In Case of Emergency
When disaster looms, there are lots of things you
need to do to protect your life and property. Preparing early is the
best defense. Make arrangements for your pets as
part of your family's disaster planning. When you must evacuate your
home, it's best to take your pets with you. Pets are not allowed in
public emergency shelters due to health and safety concerns. If, as
a last resort, you have to leave your pets behind, make sure you
have a plan to ensure their care. This is not only good information
for your birds, but for any pet facing a serious situation such as a
hurricane or storm.
Contact the animal shelter, humane society,
veterinarian or the local emergency management office for local
information on caring for pets in an emergency. Find out if there
are any plans for sheltering pets in an emergency. Your veterinarian
may accept pets in an emergency.
Are there safe locations in your house where
you could leave your pet in an emergency?
- Rooms that are easy to clean such as a
utility room or a bathroom with a supply of fresh water.
- Chose interior rooms without windows, and
remove hanging plants or pictures in large frames, and any
objects that could shatter and present a danger.
- If flooding is possible, the area should
have a way for pets to climb to high counters or platforms.
- Set up different areas for different pets
(if you have dogs and birds).
Buy a pet carrier that allows your pet to
stand up and turn around inside. Train your pet to be comfortable
with the carrier. Feeding now and then in the carrier, playing games
involving it, or feeding treats inside it are good ways to make it
If your pet is taking any medications or is on
a special diet, ask your veterinarian what you should do in case you
have to leave town with your pet or if you must leave it alone for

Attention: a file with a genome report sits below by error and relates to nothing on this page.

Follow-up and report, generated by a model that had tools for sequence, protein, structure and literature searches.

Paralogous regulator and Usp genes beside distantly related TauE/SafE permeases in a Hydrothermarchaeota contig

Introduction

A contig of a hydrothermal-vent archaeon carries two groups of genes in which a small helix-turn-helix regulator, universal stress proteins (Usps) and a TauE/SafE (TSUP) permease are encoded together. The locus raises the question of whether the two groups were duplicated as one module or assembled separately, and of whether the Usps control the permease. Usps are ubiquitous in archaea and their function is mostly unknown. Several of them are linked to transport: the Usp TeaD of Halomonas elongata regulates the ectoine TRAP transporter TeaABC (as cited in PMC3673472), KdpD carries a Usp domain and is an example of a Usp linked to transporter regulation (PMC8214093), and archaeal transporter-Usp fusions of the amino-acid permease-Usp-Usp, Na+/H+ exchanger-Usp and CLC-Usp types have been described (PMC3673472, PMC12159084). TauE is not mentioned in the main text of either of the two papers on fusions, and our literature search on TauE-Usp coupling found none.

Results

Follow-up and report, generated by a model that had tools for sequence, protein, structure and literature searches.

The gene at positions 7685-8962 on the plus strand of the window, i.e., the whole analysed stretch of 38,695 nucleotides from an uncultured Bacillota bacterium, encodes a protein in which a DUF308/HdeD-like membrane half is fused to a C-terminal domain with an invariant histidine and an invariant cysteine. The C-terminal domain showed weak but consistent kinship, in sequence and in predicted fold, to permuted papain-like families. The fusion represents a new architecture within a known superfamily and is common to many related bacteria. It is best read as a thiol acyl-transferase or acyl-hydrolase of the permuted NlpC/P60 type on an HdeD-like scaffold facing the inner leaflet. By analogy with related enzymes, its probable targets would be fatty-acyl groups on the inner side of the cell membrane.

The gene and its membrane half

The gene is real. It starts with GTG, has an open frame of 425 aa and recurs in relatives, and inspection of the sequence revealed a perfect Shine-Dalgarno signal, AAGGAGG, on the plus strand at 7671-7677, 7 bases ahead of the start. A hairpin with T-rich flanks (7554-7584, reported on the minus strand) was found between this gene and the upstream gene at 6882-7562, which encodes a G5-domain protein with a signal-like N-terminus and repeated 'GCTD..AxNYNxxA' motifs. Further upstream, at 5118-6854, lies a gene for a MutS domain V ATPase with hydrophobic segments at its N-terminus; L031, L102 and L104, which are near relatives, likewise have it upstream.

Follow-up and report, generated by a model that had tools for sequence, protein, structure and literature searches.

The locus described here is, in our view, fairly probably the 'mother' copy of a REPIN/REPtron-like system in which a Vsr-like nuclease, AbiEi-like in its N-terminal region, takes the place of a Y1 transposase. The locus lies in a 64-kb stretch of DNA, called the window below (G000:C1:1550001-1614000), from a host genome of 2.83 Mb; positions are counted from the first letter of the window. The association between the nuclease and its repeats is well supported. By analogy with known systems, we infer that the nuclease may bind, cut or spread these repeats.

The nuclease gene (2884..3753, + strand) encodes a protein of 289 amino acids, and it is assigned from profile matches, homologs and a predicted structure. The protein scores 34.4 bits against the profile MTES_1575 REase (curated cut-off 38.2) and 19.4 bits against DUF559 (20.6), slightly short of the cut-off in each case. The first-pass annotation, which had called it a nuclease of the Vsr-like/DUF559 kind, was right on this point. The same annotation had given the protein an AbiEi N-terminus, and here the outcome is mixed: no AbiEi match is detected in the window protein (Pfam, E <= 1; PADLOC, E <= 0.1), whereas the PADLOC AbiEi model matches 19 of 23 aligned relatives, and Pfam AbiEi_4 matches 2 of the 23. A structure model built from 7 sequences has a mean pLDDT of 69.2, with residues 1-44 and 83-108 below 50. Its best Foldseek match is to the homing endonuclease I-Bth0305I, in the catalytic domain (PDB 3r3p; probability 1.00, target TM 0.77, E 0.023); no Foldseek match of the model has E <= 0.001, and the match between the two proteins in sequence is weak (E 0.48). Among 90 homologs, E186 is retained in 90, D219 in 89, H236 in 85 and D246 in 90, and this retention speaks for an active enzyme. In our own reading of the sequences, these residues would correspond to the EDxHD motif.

several days. An extra supply of any medication needed might be
- Make sure collars are in good repair and the correct
name, address, and phone number is on the tag.
- If your bird is banded, make sure your contact information
is on file with the breeder (just in case your bird escapes and
is found by someone later)
Keep your pet's shots current and know where
the records are. Kennels require proof of current vaccinations
before accepting a pet. You don't want to be rushing around trying
to compile paperwork at the last minute.
Contact motels and hotels in communities
outside of your area and find out if they will accept pets in an
Don't forget your pets when assembling
- Extra food stored in sturdy containers.
- Large capacity self-feeder and water
- Extra medications
- Extra potable water
Animals have instincts about severe weather
changes and will often isolate themselves if they are afraid. Take a
clue from them.
If you evacuate and have to leave your pet at
home, prepare a safe location for it.
- Leave items like their normal bedding and
toys to make them feel more comfortable.
- Leave a two or three day supply of dry
food. Feed from a sturdy container that the pet cannot overturn.
- Leave the water in a sturdy, no-spill
container. Water bottles are very handy, but many birds must be
trained in advance to drink from them.
- At least partially cover the cage with a light sheet for
added security and protection.
If you evacuate and plan to take your pets,
remember to bring your pet's medical records and medicines with your
If you have to leave after the disaster
strikes, take your pets with you. Pets are not likely to survive on
Your animals take their queues from their owners. Extra attention
is soothing to both your pets and their keepers.
Behavior of your pets can change after an emergency.